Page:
Thursday, October 20, 2016

Troubled System on Carrier Ford Passes Key Test |

Troubled System on Carrier Ford Passes Key Test | A critical system on the aircraft carrier Gerald R. Ford that has symbolized the ship's struggles has taken "a big step forward," the Navy has reported.

The advanced arresting gear (AAG), designed to safely land aircraft on the flight deck, recently recovered a "fly-in" of an F/A-18E Super Hornet at a land-based site in New Jersey.

Prior to that, the Navy had trapped more than 200 aircraft in a "roll-in" type of land-based test.

"This milestone test event demonstrates AAG's capability and signifies a big step forward in getting the system ready for duty on board the Navy's newest aircraft carrier," said Capt. Stephen Tedford, program manager for aircraft launch and recovery equipment.

Built by General Atomics, the advanced arresting gear combines energy-absorbing water turbines and an induction motor to bring aircraft to a controlled stop. It is currently installed on the Ford, which continues to undergo testing at Newport News Shipbuilding.

Naval Air Systems Command (NAVAIR) completed more than 1,300 "traps" using dead loads before switching to manned aircraft. The tests are being conducted at sites in Lakehurst, N.J.

The AAG system recognizes roll-in and fly-in landings as essentially the same, but the different approaches allow the Navy to test variable conditions the system will face, according to NAVAIR.

Air Force Chief Sees Decades of More War Operations |

Air Force Chief Sees Decades of More War Operations | The U.S. Air Force's top officer said he expects the high pace of war-related operations to continue for decades to come.

"We've been deploying now for 15 years," Chief of Staff Gen. David Goldfein said. "We've probably got 15, 20 years to go."

His comments came Wednesday at Joint Base Andrews, Maryland, during a spouse and family forum hosted by Air Force Secretary Deborah Lee James.

While fewer airmen are deploying, the time they spend away is increasing -- driven in part by missions related to the air war against the Islamic State in Iraq and Syria, or ISIS, a resurgent Russia and China's increased military activity in the Pacific.

Wednesday, October 19, 2016

SST, Space Surveillance Telescope, DARPA |

SST, Space Surveillance Telescope, DARPA | The Air Force has acquired a high-tech Space Surveillance Telescope, or SST, capable of speedily discovering and tracking previously unseen or hard-to-find small objects that could threaten satellites.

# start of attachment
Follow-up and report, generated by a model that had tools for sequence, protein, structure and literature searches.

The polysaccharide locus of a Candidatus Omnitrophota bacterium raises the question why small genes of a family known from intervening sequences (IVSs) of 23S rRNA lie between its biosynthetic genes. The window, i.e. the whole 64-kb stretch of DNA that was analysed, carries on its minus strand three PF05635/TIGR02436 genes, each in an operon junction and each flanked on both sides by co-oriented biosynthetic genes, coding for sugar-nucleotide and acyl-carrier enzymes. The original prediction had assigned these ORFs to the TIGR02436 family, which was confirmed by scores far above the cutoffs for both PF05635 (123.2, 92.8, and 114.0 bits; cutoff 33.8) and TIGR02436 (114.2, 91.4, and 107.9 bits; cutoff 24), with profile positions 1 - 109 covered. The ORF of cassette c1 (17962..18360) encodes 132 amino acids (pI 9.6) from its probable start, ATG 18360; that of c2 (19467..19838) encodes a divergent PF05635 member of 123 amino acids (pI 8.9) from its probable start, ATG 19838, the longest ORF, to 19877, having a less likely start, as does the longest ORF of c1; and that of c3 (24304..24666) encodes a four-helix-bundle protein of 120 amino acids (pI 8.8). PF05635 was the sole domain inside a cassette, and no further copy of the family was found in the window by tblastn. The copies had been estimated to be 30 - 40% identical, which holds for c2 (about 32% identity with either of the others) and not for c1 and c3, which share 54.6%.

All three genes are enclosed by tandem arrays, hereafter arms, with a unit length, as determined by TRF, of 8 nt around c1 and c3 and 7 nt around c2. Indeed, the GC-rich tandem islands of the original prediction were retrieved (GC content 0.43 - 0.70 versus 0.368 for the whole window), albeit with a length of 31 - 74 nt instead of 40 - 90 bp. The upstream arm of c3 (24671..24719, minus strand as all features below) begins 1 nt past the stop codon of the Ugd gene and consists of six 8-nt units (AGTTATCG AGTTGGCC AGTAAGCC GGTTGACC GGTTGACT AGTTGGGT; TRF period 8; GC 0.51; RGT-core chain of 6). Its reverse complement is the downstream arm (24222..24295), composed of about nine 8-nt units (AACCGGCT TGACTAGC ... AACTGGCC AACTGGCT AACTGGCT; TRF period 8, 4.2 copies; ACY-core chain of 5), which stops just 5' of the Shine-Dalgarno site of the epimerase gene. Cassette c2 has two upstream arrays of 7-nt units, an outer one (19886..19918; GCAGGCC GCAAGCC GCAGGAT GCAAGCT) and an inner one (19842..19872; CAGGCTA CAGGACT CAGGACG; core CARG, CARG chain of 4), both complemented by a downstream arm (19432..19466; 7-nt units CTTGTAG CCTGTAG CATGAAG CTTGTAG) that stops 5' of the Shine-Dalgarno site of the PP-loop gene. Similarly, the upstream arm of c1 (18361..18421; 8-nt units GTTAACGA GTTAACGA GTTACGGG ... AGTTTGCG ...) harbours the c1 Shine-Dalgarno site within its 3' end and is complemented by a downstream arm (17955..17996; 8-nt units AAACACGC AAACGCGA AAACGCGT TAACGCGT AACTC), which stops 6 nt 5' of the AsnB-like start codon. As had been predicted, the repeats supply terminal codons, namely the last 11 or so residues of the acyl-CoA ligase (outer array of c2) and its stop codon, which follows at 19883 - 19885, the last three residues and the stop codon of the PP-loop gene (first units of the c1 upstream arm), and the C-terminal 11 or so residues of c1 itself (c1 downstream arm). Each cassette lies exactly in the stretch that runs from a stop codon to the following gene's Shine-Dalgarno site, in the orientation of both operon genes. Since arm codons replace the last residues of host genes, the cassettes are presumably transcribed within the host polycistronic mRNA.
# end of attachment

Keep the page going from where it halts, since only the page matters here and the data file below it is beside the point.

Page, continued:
The Defense Advanced Research Projects Agency, or DARPA, on Tuesday transferred ownership of the telescope to Air Force Space Command during a ceremony at White Sands Missile Range in New Mexico.

The Space Surveillance Telescope, currently located in White Sands, will be moved to Australia and jointly operated by the Air Force and the Australian government, with the U.S. as its primary owner, according to an announcement from DARPA.

In 2013, then-U.S. Defense Secretary Chuck Hagel and Australian Defence Minister David Johnston signed a Memorandum of Understanding agreeing to move the telescope to the Harold E. Holt Naval Communication Station in Western Australia. At the time, Johnston had to rebut speculation that the telescope would be used to spy on other countries.

“Australia offers a uniquely beneficial vantage point for operational testing and demonstration of SST’s enhanced algorithms and camera,” according to DARPA’s SST page.

After the move, the telescope will be a dedicated sensor in the U.S. Space Surveillance Network.

“This optical telescope is poised to revolutionize space situational awareness and help prevent potential collisions with satellites or the Earth itself,” said Lindsay Millard, DARPA program manager for the telescope.

Report proposes canceling U.S. aircraft carriers, investing in lasers to combat Russia and China

The U.S. military is at an inflection point. Unable to remove itself completely from two protracted wars in Iraq and Afghanistan, the Pentagon has been forced to respond to a resurgent Russia and a rising China, while remaining ready to combat myriad terrorist threats around the world.

The Pentagon’s $582.7 billion 2017 budget has attempted to put in place an architecture for these new challenges, but, according to a group of experts from the Center for New American Security, a Washington-based think tank, the Pentagon will have to make some hard decisions if it wants to effectively combat the threats of the future.

[Report: U.S. aircraft carriers’ ‘unchallenged primacy may be coming to a close’]

The three experts, Jerry Hendrix, Paul Scharre and Elbridge Colby, have instead put together a report that uses a notional budget that implements a 2 percent increase over the 2017 budget to shape the U.S. military for the next 10 years.